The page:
Thar She Blows!

Hurricane Katrina landed ashore this morning in New Orleans.

I don’t usually follow hurricanes. I figure that the world is full of tragedy and there’s little I can do about most of it, including the hurricanes. But Katrina caught my attention early because New Orleans is a little closer to home.

neworleans (2k image)I spent ten years headquartered in Mississippi, and New Orleans was close enough to be considered a neighbor. Part of those ten years was spent pastoring in northern Louisiana. A number of my sister churches were in south Louisiana and they introduced me to cajun culture; another point of contact with The Big Easy.

More recently, I spent a few days in New Orleans in 1996 attending the annual meeting of two organizations: the American Academy of Religion and the Society of Biblical Literature. These are professional associations of religion teachers and scholars. In those days, they held their annual meetings jointly. I opined that this was so that the participants would have to endure it only once. I’m tellin’ ya, if engineers were this screwy, we’d still be living in grass huts.

I got to know the city a little better during that visit. I walked the old streets and, plumber that I am, I took note of the sewer system. Some of those manhole covers looked to me as though they were a hundred years old or older. I came upon some city workers who had dug a big hole exposing part of the system for repairs. This was like an artist being invited to tour the Louvre.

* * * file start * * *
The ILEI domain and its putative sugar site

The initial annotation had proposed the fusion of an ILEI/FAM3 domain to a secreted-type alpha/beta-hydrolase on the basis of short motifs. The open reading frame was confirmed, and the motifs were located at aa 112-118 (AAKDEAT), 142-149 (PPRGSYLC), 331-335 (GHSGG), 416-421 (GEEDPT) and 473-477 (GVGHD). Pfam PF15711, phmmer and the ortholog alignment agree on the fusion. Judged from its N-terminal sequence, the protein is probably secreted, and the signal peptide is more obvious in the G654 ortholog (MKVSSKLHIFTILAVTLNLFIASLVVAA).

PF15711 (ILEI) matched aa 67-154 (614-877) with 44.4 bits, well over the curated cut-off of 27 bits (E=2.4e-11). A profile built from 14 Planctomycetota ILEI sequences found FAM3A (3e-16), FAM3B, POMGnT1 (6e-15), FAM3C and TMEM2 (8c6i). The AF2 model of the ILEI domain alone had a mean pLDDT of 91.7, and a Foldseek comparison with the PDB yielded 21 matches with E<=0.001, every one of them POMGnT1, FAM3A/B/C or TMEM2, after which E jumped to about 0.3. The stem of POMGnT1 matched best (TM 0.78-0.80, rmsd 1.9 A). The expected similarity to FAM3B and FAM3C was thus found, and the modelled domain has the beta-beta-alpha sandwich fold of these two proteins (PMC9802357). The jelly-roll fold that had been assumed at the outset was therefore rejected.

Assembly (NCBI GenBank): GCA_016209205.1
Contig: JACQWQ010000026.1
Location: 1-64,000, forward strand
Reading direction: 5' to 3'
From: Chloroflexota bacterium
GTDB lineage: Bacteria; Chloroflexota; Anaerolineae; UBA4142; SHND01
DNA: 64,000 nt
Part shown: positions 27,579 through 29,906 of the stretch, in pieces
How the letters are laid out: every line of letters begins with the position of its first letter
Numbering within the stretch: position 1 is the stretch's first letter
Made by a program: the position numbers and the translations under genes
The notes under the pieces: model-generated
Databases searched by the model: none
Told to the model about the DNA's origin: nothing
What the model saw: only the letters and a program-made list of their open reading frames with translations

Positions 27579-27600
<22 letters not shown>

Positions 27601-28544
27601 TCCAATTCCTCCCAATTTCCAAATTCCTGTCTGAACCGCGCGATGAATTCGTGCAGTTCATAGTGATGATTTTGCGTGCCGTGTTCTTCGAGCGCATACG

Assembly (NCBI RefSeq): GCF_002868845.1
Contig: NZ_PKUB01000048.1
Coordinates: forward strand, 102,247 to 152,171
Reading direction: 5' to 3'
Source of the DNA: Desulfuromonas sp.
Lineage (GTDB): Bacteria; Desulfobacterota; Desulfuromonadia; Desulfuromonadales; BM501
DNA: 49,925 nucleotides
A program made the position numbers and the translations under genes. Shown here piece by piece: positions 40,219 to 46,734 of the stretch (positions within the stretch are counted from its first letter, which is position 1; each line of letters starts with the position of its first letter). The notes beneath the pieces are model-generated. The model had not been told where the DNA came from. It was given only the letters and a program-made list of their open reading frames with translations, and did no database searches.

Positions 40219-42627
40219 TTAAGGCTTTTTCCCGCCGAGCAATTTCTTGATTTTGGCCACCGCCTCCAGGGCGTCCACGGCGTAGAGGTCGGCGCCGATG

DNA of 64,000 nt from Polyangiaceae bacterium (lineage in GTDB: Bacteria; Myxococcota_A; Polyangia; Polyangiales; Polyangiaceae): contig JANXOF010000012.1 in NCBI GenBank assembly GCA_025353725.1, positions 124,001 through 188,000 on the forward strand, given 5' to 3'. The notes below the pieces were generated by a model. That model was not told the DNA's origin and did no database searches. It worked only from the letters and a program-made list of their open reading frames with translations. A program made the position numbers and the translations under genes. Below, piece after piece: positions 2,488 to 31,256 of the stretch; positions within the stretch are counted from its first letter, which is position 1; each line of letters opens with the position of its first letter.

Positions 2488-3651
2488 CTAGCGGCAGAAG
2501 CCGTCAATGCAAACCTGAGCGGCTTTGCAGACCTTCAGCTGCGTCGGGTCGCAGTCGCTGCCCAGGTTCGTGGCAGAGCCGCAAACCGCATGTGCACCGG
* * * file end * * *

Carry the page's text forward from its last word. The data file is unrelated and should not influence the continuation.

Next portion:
Very few people realize the critical role that plumbing plays in civilization. Without it, little would be possible. Instead, we’d be living in mud, walking in our own waste, and drinking polluted water–which was once the description of places like Paris or London.

New Orleans New Orleans Levee depends on pumps for drainage, since it sits below sea level. As I write these words, more rain is falling down there than the system can handle. It will flood, and the waste that was previously kept at bay by the plumbing system will be unleashed on the city.

That old system of pumps and levees will finally get the appreciation it deserves once this typhoon has blown over and the mess is getting cleaned up.

What do you think? Leave a reply.